A couple weeks ago, I gave away a short stack of preserving books and promised that I’d be back soon with a more comprehensive list of this year’s canning, pickling, and DIY books. Today is the day for that post and as I went through my bookshelves to pull the various volumes, I was reminded that this has been an incredible year for books in this category.
This year’s list features 20 books, some of which I’ve written about previously and others that haven’t gotten any blog love as of yet. Some I bought, and some came to me as review copies (and honestly, at this point I really don’t remember which is which). For each book, you’ll see that I link to both Amazon and Powell’s (because my liberal guilt is such that I can’t only offer a corporate behemoth option). The Amazon links are affiliate ones, the Powell’s links are not.
- On the top of the stack is Hugh Acheson’s funny little book, Pick a Pickle. The recipes are good and interesting, the instructions for sealing jars are not (Amazon | Powell’s)
- Next up is Leda Meredith’s book Preserving Everything. Leda is a wild edibles expert and has created an exceptionally comprehensive book that offers instruction on canning, fermenting, pickling, freezing, and more. (Amazon | Powell’s)
- The Put ’em Up! Preserving Answer Book came out this spring and is final volume in Sherri Brooks Vinton’s excellent canning trilogy. It has a tremendous amount of detail and would make an excellent gift for a nervous new canner.(Amazon | Powell’s)
- Quench, Ashley English’s seventh book, came out this fall and opened up a new world of homemade beverage possibilities. It runs the spectrum of soft and hard drinks, and includes a guest recipe from me!(Amazon | Powell’s)
- If you were to judge a book by it’s cover, you might skip Andrea Weigl’s Pickles & Preserves (at first glance, it seems like a quiet little book). However, that would be a mistake. This slim volume contains fifty classic Southern preserves and should be in every canner’s collection. (Amazon | Powell’s)
- Preserving by the Pint. I wrote this one, so it’s hard for me to be objective about it, but I think it’s pretty darn good. It makes a fitting gift for people with tiny kitchens, if you’re stumped. (Amazon | Powell’s)
- For the nostalgia fans, Canning, Pickling and Freezing with Irma Harding is a good buy. (Amazon | Powell’s)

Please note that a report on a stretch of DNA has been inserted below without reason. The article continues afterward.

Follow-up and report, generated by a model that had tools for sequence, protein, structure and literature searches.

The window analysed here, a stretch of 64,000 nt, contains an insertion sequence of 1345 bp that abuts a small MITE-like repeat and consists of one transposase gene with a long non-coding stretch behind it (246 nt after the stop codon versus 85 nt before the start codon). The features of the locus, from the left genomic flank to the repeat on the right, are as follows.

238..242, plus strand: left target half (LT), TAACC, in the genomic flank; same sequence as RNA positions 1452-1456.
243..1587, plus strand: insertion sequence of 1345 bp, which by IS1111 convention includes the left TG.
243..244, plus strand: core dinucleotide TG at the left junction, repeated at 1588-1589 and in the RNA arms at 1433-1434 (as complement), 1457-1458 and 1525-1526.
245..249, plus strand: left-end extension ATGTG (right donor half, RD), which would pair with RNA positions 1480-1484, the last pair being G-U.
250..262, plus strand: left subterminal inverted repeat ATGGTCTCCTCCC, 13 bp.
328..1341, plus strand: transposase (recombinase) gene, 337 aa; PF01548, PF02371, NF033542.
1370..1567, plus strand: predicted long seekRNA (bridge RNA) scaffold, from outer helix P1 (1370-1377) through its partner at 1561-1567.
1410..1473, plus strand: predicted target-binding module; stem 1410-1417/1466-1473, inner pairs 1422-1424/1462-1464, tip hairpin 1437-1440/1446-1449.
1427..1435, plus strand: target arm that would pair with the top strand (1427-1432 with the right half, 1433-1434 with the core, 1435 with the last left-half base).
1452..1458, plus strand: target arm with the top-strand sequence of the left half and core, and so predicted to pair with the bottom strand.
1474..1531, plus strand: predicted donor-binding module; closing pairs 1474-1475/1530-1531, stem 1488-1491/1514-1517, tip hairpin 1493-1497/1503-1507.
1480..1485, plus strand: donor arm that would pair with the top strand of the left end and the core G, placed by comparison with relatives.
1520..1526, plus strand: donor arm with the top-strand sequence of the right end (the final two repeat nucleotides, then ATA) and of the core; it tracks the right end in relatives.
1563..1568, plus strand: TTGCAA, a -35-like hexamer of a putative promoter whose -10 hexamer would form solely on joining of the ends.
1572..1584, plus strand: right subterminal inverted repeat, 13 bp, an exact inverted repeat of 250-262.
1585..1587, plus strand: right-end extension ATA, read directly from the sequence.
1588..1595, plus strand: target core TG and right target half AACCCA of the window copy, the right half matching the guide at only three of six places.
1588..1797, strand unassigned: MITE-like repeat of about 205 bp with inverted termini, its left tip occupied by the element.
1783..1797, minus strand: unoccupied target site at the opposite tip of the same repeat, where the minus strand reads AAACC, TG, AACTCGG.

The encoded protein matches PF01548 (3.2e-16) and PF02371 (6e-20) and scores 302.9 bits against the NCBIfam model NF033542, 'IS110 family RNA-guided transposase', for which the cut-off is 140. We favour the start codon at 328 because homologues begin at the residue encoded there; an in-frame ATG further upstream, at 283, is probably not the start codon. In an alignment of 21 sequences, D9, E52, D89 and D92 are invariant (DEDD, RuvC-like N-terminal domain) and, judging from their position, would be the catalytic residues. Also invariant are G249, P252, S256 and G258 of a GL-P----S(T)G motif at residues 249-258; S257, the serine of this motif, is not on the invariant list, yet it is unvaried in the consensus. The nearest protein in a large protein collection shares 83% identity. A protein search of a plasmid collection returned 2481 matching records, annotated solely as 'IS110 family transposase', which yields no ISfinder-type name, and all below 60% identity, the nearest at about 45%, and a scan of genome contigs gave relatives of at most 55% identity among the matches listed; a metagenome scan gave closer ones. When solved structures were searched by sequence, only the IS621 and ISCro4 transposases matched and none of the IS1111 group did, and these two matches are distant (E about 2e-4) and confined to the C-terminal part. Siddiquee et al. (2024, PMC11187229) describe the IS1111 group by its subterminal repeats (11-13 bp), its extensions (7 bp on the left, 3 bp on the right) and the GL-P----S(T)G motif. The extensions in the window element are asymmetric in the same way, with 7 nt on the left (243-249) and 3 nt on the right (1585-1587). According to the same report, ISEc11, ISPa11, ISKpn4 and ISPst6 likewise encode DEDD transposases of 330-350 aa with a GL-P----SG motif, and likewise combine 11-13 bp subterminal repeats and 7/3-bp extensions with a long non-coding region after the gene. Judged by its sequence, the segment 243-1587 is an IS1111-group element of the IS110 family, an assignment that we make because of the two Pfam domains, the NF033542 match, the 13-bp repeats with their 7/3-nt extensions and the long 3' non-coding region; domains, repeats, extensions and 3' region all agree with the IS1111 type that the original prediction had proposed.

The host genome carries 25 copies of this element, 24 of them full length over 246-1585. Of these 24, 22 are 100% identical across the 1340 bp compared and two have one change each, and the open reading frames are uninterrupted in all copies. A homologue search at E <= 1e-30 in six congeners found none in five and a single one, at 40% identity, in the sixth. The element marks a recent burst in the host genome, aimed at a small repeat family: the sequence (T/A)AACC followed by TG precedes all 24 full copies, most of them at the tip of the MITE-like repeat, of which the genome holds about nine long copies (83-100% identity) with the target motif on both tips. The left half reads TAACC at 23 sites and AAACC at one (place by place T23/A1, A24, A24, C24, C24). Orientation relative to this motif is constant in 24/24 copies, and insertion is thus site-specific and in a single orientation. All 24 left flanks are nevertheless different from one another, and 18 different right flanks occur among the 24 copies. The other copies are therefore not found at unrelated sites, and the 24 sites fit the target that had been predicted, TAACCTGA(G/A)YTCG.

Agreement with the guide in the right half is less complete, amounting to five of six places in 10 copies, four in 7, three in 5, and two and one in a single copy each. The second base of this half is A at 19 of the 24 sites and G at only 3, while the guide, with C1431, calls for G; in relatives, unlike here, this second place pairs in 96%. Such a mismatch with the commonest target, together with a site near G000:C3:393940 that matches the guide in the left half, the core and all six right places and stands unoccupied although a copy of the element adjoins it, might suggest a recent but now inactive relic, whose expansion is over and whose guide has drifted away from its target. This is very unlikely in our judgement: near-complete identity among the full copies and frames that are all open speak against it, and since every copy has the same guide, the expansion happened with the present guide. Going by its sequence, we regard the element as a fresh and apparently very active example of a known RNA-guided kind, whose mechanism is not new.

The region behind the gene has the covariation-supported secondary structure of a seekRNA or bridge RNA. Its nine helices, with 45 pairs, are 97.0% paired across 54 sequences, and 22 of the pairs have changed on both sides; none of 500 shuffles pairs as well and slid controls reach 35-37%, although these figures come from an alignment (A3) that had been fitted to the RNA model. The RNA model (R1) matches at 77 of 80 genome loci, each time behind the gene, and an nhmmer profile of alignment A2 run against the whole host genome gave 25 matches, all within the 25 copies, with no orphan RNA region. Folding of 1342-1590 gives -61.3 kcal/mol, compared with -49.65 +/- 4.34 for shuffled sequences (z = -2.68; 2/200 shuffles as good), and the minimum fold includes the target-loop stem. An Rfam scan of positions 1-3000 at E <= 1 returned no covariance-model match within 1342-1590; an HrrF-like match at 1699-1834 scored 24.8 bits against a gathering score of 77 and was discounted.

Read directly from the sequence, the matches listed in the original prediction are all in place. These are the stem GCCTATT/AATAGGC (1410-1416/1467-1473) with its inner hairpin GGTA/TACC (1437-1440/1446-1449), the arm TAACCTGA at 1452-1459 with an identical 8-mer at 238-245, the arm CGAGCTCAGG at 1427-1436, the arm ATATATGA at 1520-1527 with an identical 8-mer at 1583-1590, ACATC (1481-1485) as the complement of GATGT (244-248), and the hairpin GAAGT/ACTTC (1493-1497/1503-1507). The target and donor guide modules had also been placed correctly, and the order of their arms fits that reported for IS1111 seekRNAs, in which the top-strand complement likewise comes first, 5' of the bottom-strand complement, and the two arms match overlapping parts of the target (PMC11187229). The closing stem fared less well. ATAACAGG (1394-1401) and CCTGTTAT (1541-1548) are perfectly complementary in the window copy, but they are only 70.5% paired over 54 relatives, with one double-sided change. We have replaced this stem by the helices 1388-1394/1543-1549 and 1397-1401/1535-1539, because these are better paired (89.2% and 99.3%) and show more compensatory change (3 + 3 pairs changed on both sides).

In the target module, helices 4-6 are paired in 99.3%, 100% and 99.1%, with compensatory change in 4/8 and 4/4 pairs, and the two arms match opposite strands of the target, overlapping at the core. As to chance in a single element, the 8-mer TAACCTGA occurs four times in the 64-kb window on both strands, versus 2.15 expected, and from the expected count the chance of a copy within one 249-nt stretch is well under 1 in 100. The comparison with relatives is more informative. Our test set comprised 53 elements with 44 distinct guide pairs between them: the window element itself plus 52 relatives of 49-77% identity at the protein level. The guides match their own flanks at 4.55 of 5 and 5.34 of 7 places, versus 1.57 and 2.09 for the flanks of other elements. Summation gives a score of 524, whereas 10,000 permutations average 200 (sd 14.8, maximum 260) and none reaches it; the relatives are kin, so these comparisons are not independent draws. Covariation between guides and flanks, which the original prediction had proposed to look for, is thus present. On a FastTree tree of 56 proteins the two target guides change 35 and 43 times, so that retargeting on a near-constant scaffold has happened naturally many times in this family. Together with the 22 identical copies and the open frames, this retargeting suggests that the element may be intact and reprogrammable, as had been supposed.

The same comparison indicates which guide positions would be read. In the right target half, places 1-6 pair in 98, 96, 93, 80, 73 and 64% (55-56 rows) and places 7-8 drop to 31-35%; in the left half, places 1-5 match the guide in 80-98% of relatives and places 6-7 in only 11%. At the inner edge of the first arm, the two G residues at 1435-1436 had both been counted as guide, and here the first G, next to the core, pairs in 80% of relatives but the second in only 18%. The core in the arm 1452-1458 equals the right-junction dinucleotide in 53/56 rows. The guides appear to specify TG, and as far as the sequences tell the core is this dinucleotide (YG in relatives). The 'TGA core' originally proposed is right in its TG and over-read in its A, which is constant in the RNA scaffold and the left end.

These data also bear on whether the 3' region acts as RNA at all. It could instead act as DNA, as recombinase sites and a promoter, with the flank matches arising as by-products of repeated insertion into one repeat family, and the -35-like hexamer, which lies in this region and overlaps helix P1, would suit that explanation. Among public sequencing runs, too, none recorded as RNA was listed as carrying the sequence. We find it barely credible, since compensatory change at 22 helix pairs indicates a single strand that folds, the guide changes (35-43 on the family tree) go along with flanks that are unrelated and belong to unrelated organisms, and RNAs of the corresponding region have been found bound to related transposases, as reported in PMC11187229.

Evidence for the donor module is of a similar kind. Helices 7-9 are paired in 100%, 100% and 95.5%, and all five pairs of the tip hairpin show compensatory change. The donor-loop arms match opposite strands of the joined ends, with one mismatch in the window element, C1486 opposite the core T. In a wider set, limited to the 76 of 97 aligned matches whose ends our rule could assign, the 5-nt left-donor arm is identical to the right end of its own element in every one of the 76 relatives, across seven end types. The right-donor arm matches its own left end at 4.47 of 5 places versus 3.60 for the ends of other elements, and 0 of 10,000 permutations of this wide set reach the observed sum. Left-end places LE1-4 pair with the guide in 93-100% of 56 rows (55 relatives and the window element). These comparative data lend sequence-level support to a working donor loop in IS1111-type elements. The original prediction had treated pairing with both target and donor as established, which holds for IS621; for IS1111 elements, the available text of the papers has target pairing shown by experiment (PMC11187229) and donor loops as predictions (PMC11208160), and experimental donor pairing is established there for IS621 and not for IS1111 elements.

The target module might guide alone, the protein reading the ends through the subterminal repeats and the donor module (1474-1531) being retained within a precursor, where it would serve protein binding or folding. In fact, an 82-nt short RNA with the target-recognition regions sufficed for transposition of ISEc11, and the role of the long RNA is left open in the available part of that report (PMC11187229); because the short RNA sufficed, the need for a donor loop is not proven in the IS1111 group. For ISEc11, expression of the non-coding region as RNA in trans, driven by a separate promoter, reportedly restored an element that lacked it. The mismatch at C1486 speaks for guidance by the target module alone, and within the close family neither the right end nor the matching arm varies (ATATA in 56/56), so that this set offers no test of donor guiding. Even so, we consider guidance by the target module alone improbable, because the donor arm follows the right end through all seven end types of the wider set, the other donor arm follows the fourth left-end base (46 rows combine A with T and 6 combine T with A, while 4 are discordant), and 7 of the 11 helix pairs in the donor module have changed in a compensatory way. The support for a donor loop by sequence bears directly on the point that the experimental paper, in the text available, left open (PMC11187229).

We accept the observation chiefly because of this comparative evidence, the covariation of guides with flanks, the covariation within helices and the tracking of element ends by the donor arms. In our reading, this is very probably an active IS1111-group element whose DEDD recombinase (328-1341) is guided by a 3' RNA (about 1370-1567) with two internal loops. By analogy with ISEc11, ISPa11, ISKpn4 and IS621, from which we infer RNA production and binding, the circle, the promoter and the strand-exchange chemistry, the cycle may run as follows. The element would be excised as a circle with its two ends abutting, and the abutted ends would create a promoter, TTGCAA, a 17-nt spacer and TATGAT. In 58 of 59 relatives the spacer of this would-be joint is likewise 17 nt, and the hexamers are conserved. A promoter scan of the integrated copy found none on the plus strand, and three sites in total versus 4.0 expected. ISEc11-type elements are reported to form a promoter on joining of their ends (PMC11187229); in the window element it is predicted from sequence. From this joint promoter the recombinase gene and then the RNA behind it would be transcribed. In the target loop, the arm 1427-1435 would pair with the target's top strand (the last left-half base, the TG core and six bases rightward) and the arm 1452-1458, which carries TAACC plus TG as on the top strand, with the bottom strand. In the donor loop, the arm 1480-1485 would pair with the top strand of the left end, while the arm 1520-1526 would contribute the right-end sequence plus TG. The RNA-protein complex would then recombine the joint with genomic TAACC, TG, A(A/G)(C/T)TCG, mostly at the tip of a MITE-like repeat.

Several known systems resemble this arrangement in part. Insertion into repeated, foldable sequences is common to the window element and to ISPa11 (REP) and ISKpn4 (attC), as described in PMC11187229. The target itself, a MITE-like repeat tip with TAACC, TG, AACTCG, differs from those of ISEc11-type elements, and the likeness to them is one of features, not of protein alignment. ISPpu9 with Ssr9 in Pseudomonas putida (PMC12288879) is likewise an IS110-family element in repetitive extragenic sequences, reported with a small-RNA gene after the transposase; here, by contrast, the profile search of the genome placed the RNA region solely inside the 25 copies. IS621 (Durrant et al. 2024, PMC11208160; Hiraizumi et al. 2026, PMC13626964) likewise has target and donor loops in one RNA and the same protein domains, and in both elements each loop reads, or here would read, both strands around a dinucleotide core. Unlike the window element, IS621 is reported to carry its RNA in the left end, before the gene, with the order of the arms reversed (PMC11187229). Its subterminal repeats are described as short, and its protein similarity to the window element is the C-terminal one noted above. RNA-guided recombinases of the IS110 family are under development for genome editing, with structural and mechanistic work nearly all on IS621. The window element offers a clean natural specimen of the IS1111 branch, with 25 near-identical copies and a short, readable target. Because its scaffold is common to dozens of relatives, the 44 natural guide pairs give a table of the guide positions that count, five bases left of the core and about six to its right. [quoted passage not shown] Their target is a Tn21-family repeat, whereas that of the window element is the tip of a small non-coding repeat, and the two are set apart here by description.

- Okay, this one isn’t exactly a preserving book, but if you like the idea of a portable salads packed up in quart jars, Julia Mirabella’s Mason Jar Salads and More is fun and bursting with jar goodness. (Amazon | Powell’s)
- Kate Payne’s second book, The Hip Girl’s Guide to the Kitchen, came out this spring and is packed with homemade and DIY goodness that works for home cooks of all levels. (Amazon | Powell’s)
- The Everyday Fermentation Handbook, written by Branden Byers has plenty of basic ferments, as well as recipes for how to use up those bubbling brews! (Amazon | Powell’s)
- I learned to make shrubs thanks to Michael Dietsch’s 2011 Serious Eats piece on the topic. As far as I’m concerned, he was one of the primary instigators of this trend and knows more about the world of delicious vinegar-spiked syrups than anyone out there. I’ve been eagerly awaiting his book, Shrubs, since hearing he was working on it and am so delighted to have it in hand. It does not disappoint! (Amazon | Powell’s)
- My sister started drinking kombucha a decade ago. She’d offer me sips and I’d decline with a shudder. However, over the years, I’ve gone from a kombucha hater to someone who makes batches of it at home on a weekly basis. Kombucha Revolution by Stephen Lee and Ken Koopman has been a most helpful addition to my brewing flow. (Amazon | Powell’s)
- Fresh & Fermented by Julie O’Brien and Richard Climenhage is another book that strives to help you go beyond simply making fermented foods to incorporating them into all manner of recipes. (Amazon | Powell’s)